Descrição de chapéu What the dictatorship in Brazil was

The Dictatorship Ushered in an Era Organized, Violent Repression that Went Unpunished

The Truth Commission counted 434 dead and missing persons and thousands of torture allegations; Amnesty ruled out blaming culprits

Bruno Boghosian

Two days after the 1964 coup, the government arrested ex-sergeant Gregório Bezerra in Recife. A leader of the PCB, he was tied by the neck and pulled through the city streets, while an official beckoned people to the road.

The scenes, displayed on local TV, symbolized the inauguration of a regime that adopted violent repression as a method. Researchers point to Bezerra as the first torture victim of the period.

The cases recorded in the early months of the dictatorship have been referred to by members of the military government as the "heat of the hour."

The military regime, however, adopted the practice as a tool for interrogating and fighting opponents, especially people considered subversive.

Beginning in 1968, the violent repression established a structure dedicated to torture, deaths, and disappearance that lasted until the second half of the 1970s.

The repression numbers are not very precise because the dictatorship never recognized these episodes. Military justice auditors received 6,016 reports of torture.

Estimates made by the third National Human Rights Program, approved by the government Dilma Rousseff (PT), point to 20 thousand cases.

Prisoners reported being hung from macaw sticks and submitted to electric shocks, strangulation, attempted drownings, paddling blows, punches, kicks, and other assaults. In some cases, the torture session led to death.

In 2014, a National Truth Commission (CNV) listed 191 deaths and disappearances of 210 people. Officials located the bodies of another 33 missing people totaling 434 people.

Dictatorships that dominated neighboring countries surpassed Brazilian data. In Chile (1973-1989), the government recorded more than 3,000 deaths. In Argentina (1976-1983), there were over 30 thousand victims.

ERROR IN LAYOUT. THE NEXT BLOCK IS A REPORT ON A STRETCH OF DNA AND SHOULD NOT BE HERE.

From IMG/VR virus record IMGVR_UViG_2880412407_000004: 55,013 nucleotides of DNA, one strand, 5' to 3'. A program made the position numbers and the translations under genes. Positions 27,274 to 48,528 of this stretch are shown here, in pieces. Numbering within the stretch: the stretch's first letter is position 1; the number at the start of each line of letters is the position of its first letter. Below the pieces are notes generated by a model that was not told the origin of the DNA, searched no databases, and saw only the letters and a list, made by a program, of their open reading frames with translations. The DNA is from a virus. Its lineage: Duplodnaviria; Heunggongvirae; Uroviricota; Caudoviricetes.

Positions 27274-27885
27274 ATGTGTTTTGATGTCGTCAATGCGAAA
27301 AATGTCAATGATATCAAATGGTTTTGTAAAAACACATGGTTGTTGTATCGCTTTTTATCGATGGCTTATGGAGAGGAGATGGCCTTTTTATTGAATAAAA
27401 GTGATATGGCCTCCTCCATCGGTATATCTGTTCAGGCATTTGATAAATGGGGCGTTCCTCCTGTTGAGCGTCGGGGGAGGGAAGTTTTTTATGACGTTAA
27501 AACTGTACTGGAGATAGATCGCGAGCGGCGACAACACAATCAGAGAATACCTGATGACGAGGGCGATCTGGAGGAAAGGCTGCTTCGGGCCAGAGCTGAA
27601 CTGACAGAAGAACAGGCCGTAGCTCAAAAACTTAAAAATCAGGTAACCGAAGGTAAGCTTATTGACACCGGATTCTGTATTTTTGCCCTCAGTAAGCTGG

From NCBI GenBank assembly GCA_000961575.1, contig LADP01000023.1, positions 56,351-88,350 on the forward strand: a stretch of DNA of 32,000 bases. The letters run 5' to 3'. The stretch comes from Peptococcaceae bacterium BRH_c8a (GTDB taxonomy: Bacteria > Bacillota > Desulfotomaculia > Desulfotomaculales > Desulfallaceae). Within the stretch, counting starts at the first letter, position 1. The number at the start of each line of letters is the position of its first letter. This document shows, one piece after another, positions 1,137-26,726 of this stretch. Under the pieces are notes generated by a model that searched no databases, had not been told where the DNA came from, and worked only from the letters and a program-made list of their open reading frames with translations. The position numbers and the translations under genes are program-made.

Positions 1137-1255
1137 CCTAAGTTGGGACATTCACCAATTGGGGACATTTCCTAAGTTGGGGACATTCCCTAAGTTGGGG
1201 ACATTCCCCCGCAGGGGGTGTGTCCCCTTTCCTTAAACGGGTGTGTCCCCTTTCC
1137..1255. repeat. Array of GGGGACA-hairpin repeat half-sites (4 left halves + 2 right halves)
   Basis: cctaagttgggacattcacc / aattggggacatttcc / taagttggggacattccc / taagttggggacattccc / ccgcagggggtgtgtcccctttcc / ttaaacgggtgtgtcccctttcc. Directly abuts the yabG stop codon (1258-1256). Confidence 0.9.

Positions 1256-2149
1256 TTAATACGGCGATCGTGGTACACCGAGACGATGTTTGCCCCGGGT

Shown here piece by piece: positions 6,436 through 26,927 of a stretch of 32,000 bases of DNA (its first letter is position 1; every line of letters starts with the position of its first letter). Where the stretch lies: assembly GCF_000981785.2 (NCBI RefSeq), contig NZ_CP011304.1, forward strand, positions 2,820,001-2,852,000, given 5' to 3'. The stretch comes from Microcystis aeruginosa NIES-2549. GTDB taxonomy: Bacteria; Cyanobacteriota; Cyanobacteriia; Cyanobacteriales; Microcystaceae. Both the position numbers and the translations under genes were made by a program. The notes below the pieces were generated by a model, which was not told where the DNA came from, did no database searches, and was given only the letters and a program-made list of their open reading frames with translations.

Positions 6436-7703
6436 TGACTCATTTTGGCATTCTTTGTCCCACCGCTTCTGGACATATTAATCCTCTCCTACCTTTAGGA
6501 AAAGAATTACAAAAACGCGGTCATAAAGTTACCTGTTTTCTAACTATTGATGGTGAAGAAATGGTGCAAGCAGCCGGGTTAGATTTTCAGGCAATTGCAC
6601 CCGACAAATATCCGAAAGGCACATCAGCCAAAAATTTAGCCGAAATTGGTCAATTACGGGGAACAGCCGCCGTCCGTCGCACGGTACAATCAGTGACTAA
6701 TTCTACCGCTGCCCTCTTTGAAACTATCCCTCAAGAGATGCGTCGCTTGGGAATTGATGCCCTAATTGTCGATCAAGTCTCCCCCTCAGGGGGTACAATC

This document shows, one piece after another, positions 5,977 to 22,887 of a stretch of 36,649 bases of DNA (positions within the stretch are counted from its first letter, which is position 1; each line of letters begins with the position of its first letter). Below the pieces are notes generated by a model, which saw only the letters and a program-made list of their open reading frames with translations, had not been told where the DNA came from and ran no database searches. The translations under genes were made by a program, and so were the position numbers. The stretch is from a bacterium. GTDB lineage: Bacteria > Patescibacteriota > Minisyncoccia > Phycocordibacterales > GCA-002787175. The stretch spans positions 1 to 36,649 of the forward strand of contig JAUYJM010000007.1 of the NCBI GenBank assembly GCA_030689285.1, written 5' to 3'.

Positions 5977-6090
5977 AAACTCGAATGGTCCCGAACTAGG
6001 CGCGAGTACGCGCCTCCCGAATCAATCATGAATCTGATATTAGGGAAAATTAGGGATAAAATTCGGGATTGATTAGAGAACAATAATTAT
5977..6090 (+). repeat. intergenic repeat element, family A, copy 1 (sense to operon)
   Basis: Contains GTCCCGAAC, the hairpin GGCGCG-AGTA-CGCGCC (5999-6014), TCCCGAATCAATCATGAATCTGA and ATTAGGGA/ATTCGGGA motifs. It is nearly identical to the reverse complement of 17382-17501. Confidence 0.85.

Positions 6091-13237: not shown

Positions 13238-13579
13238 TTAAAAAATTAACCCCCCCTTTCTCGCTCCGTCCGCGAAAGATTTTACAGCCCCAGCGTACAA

"This is sometimes taken as proof that the Brazilian dictatorship was less ferocious or absolute. It is not true. The reason for this number is the government's absolute control over the repressive process," said lawyer Pedro Dallari, who coordinated the CNV in 2013 and 2014.

When the first cases of torture were registered, still in 1964, the leaders of the regime adopted a tolerant attitude.

That year, President Castelo Branco (1964-1967) ordered the investigation. The head of the military cabinet, Ernesto Geisel, noted that the violent repression occurred in small numbers and had stopped. Nobody suffered punishment.

"The more lenient the command was, the more this practice was consolidated," said historian and political scientist Heloisa Starling. "It wasn't crazy; it was a method."

The violent acts were attributed to "hardline" officers who worked deep in the dictatorship, especially in the State Departments of Social and Political Order (Dops) of state police.

The regime created an apparatus to carry out repression. The National Information Service (SNI), established in 1964 for coordinated intelligence activities, executed espionage, and monitored subversive activities. The prisons and torture stayed with the Army Information Center (CIE) of 1967.

To increase violence, AI-5, in the following year, suspended the guarantee of habeas corpus for suspects of political crimes against national security. It facilitated the work of torturers, who managed to keep their enemies in custody.

Colonel João Batista Figueiredo, who would be the last president of the dictatorship (1979-1985), summarized the following act: "The errors of the revolution have accumulated and, now, the only thing left is for the government "to leave from the violence."

The government also inaugurated in 1969, a nucleus to coordinate security actions. Created in São Paulo, an Oban (Operation Bandeirante) received financial support from São Paulo entrepreneurs.

General Emílio Médici (1969-1974) expanded the apparatus. In 1970, the government founded Information Operations Detachments (DOIs) and Center for Internal Defense Operations (Codi).